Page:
The project will also identify strategies to eliminate the Kariba weed, an invasive species that clogs up waterways and harms fish species. In keeping with the spirit of nature-based solutions, the project is exploring the tested option of introducing weevils, a natural predator of the Kariba weed.
"The UN Decade on Ecosystem Restoration was launched last year with the recognition of the multiple benefits that restoring nature brings to communities," said Jessica Troni, Head of the Climate Change Adaptation Unit at UNEP. "This includes the power of nature in defending and shielding us against the impacts of climate change, and Zambia's wetlands are a great example of this in action."
Through seed capital and technical support, the project will work with communities, such as those near Mukubwe Primary School, to plant climate-resilient crops to better withstand drought, but also to set up rainwater harvesting systems during rainy seasons.
Breaking the Vicious Cycle
Student Clement Katemba says his community is continually looking for livelihood alternatives that don't put pressure on the wetlands and forests - something this project will directly address. But charcoal production, which involves the felling of trees around the wetland, feels like the only option for getting from day to day.
"We cut trees for charcoal because that's the only way we can sustain our families. When it's dry, we're forced to do anything to earn a better living, to make sure parents have their needs met. But the forest is important to us - we don't want to destroy it," says Katemba.
Mbewe, the project manager, says community members will be supported by the project to adopt alternative livelihoods, including beekeeping, that reduce pressure on fisheries.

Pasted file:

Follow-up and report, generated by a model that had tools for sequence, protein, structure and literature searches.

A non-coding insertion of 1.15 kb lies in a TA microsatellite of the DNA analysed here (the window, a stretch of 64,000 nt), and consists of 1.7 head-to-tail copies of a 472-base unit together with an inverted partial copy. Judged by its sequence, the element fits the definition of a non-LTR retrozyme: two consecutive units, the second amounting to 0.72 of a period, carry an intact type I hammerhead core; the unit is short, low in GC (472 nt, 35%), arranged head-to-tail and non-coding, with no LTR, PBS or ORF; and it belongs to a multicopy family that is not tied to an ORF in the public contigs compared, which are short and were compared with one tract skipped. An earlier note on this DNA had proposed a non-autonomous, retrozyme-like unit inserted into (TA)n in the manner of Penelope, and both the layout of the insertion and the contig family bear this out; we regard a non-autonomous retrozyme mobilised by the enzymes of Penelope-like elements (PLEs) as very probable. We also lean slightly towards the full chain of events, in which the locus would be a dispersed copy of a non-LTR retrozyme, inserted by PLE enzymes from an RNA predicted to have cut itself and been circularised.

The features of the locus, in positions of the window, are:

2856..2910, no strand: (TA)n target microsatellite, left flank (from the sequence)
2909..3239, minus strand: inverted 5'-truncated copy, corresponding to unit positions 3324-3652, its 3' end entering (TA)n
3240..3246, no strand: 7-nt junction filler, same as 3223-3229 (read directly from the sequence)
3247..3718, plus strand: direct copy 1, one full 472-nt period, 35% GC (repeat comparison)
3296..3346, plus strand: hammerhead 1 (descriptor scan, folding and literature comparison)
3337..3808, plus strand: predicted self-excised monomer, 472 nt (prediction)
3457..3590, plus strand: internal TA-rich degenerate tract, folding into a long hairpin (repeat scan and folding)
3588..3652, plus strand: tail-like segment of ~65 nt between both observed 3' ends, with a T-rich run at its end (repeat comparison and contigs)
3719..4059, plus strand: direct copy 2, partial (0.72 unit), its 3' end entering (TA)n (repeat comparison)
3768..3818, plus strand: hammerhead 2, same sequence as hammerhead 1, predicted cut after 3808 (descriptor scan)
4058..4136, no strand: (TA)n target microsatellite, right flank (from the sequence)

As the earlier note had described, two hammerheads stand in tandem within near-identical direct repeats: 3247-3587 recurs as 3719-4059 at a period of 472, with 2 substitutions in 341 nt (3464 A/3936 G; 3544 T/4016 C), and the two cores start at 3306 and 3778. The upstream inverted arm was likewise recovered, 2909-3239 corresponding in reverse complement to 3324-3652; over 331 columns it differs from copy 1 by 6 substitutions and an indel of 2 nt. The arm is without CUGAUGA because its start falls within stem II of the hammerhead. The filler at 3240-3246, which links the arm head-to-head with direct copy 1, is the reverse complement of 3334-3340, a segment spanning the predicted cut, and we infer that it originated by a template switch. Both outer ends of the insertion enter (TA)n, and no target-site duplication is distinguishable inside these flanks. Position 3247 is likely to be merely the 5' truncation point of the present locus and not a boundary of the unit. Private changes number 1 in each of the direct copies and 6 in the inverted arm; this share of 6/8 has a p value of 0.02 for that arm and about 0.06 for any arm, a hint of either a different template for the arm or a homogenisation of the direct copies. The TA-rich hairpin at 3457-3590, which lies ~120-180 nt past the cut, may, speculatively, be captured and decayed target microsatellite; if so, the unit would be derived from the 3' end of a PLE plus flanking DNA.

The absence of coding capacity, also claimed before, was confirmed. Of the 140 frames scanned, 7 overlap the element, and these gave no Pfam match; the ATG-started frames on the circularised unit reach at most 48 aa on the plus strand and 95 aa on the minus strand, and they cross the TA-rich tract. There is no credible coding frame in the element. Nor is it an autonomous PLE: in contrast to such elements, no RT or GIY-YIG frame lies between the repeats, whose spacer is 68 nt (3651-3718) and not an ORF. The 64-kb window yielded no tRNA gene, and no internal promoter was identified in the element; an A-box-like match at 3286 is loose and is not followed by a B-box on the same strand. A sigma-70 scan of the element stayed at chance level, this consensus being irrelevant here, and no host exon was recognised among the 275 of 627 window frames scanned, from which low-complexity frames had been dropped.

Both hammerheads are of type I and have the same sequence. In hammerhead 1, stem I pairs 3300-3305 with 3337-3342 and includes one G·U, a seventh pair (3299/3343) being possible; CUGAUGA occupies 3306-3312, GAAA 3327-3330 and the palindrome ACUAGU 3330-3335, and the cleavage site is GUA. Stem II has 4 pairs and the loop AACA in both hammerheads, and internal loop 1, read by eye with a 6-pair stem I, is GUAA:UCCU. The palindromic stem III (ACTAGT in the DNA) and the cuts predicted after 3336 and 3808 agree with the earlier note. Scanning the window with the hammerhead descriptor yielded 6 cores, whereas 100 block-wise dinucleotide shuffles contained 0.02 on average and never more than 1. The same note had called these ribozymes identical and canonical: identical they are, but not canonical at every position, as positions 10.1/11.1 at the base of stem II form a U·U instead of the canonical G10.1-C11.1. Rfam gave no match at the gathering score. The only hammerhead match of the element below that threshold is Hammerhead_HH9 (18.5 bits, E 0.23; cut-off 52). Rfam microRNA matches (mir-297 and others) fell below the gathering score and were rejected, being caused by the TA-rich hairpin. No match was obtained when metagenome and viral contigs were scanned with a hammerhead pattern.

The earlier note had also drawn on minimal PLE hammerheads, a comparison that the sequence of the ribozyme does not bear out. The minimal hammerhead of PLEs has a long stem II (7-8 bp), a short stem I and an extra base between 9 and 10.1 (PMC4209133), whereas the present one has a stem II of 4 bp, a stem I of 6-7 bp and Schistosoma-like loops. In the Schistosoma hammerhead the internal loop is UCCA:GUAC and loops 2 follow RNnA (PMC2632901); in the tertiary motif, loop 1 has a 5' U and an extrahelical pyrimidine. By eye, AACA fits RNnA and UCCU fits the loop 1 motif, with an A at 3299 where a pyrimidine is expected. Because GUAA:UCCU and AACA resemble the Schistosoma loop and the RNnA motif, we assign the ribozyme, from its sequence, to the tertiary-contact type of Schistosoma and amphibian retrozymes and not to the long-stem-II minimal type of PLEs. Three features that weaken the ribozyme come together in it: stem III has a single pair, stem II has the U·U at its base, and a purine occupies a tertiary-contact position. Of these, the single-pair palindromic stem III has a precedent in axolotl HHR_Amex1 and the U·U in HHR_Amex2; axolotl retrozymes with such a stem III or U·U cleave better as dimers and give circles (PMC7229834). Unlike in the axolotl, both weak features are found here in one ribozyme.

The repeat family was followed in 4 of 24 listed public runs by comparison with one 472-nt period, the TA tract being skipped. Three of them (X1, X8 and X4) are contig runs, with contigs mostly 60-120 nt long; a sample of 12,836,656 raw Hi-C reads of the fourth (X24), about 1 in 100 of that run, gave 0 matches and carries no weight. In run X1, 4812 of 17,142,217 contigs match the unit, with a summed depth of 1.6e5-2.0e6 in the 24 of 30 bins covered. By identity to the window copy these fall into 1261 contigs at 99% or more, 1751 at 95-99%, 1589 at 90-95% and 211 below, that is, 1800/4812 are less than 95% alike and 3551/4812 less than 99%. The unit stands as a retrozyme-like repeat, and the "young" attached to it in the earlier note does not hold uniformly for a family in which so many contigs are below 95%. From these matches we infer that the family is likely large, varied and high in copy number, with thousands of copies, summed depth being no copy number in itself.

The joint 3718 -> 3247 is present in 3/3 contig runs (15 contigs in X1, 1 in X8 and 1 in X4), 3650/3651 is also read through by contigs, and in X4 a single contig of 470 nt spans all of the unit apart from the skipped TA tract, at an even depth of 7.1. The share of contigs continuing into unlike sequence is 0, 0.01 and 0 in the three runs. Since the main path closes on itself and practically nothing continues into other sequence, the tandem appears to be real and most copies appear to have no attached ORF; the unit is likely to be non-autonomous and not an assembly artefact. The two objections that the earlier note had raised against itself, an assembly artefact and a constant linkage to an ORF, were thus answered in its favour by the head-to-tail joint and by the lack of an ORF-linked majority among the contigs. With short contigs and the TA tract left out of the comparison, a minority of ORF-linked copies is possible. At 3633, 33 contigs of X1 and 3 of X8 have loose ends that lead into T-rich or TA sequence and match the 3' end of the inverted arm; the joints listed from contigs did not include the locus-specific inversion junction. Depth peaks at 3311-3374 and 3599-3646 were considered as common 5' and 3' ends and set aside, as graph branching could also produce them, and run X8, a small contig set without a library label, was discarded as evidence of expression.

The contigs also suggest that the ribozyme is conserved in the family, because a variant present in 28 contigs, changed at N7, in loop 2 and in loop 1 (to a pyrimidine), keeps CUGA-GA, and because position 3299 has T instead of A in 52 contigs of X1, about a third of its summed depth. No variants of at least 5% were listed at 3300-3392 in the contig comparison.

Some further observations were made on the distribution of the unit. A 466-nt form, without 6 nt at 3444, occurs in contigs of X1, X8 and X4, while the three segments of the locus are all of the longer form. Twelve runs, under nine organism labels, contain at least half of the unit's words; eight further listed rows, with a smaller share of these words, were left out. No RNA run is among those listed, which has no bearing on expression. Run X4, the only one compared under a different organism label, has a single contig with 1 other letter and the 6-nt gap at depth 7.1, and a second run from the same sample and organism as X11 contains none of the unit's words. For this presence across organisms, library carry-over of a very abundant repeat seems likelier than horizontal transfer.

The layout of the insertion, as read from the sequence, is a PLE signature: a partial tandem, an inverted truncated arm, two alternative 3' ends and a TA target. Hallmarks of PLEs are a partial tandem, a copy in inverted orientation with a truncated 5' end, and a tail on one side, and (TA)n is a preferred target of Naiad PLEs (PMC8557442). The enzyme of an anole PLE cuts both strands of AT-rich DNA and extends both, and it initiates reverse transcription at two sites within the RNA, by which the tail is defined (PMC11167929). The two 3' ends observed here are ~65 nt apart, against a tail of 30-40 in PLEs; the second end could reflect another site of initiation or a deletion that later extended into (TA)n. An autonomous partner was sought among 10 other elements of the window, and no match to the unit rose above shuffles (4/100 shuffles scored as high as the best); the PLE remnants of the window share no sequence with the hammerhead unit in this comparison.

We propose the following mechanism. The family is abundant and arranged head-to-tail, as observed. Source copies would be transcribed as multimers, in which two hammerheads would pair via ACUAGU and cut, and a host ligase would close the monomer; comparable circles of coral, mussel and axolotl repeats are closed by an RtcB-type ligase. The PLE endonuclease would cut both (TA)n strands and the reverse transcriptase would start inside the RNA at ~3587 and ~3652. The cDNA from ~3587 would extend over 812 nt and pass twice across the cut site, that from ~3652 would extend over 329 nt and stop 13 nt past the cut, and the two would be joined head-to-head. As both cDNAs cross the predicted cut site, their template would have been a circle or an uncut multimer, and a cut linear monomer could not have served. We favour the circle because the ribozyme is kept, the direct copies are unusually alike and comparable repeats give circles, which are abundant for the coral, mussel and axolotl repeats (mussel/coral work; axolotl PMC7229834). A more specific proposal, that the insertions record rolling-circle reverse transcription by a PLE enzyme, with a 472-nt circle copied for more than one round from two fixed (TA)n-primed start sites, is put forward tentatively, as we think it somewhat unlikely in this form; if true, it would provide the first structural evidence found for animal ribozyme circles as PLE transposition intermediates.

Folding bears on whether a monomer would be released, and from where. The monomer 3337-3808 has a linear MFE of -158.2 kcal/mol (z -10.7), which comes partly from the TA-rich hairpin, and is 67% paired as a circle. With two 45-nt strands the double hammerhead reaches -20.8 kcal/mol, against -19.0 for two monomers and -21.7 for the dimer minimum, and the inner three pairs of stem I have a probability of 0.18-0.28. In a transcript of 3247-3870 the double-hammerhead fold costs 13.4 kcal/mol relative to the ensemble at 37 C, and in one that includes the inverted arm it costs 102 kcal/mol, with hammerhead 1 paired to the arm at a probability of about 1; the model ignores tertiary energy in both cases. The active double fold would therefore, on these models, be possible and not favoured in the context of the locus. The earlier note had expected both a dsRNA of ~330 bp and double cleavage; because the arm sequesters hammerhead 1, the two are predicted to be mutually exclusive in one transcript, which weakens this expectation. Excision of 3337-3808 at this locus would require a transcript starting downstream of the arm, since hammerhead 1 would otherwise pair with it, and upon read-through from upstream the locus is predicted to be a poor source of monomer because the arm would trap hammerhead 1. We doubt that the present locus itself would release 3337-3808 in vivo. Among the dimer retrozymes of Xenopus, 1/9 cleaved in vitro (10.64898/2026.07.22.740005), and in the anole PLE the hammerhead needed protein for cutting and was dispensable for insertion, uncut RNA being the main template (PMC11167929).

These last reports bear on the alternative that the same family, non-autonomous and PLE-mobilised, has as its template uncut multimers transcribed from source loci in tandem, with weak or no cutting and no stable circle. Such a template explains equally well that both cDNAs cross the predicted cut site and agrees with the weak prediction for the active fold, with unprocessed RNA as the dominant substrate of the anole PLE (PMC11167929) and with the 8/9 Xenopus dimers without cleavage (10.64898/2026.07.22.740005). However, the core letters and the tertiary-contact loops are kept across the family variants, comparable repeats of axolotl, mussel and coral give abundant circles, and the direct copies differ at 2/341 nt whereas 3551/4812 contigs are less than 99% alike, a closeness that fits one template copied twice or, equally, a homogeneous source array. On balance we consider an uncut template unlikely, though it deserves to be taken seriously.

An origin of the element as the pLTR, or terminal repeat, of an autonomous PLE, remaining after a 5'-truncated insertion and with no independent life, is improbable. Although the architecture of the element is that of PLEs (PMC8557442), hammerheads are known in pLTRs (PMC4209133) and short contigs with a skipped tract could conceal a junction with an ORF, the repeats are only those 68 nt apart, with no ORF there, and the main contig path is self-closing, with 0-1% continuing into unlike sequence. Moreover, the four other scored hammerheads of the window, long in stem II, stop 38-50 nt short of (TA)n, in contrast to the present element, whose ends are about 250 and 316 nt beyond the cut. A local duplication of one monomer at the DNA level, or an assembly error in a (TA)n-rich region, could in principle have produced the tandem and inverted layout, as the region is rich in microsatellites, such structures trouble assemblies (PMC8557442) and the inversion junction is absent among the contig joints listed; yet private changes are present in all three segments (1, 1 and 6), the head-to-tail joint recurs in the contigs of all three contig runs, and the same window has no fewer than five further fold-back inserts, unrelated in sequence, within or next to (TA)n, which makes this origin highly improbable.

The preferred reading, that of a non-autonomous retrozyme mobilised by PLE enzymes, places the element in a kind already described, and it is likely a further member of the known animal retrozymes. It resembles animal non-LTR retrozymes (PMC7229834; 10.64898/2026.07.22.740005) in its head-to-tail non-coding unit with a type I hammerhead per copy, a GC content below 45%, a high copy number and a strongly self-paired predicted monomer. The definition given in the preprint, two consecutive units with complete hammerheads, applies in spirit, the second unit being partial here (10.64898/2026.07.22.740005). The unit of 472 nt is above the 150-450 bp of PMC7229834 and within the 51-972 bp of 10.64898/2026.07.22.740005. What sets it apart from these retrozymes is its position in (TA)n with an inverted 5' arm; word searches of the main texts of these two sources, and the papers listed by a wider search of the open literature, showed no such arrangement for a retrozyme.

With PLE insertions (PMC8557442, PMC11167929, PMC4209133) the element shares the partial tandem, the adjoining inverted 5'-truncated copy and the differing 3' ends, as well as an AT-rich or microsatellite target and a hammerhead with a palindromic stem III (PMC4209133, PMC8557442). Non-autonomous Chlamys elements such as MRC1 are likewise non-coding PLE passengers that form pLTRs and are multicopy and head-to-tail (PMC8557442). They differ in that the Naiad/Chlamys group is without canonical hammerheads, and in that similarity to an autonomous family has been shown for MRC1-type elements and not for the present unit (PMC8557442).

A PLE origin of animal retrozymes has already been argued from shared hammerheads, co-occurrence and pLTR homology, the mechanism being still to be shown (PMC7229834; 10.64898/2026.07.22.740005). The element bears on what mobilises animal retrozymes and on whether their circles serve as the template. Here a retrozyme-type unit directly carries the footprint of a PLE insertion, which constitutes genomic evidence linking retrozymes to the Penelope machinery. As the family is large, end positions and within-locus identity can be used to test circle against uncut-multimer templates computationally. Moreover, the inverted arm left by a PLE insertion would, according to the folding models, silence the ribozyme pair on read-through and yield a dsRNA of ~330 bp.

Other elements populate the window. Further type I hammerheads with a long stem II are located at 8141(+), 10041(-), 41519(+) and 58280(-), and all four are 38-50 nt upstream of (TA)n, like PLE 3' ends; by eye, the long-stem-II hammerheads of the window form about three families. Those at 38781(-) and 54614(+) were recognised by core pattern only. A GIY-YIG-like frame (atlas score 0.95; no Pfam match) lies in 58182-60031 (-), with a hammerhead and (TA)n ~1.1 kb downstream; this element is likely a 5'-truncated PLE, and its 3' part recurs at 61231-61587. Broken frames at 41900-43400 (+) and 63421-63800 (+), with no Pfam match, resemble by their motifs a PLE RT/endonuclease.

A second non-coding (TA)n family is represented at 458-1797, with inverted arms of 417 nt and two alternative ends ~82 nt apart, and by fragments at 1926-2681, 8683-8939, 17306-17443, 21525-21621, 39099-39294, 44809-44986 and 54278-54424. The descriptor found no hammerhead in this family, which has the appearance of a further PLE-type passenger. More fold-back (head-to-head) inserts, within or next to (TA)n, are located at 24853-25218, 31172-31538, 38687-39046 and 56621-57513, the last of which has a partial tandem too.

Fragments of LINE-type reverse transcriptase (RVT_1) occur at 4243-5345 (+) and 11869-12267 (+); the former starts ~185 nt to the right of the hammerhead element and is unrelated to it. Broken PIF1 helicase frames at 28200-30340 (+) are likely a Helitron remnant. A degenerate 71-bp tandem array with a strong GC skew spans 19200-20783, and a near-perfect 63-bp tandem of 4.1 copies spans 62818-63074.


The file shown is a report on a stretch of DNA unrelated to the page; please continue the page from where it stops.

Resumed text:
"A first step will be to carry out a climate-risk assessment to map the wetlands and find out what interventions are needed most urgently and where," said Mbewe. "Then we can support communities to create more sustainable income-generating options, so that charcoal making, overfishing and tree-cutting are not the only fall-back options."
A global issue
Despite their potential to support climate adaptation as a haven for wildlife, filtering pollution and acting as important stores of carbon, wetlands face rising threats globally from sea-level rise, coral bleaching and accelerating weather change.
Under Sustainable Development Goal 6, all countries are committed to protecting and restoring wetlands by 2030. UNEP has a special role in helping to monitor and achieve that target, with action to revive damaged ecosystems accelerating during the UN Decade on Ecosystem Restoration.
To support the global uptake of nature-based solutions for climate adaptation, UNEP and the International Union for Conservation of Nature (IUCN) are co-managing the Global EbA Fund, currently providing at least 30 million euros in seed capital to innovative approaches.
For more information about the project, officially titled Building the Resilience of Local Communities in Zambia through the Introduction of Ecosystem-based Adaptation into Priority Ecosystems, please contact Jessica.Troni@un.org. Learn more about our GEF-supported work in climate change adaptation here.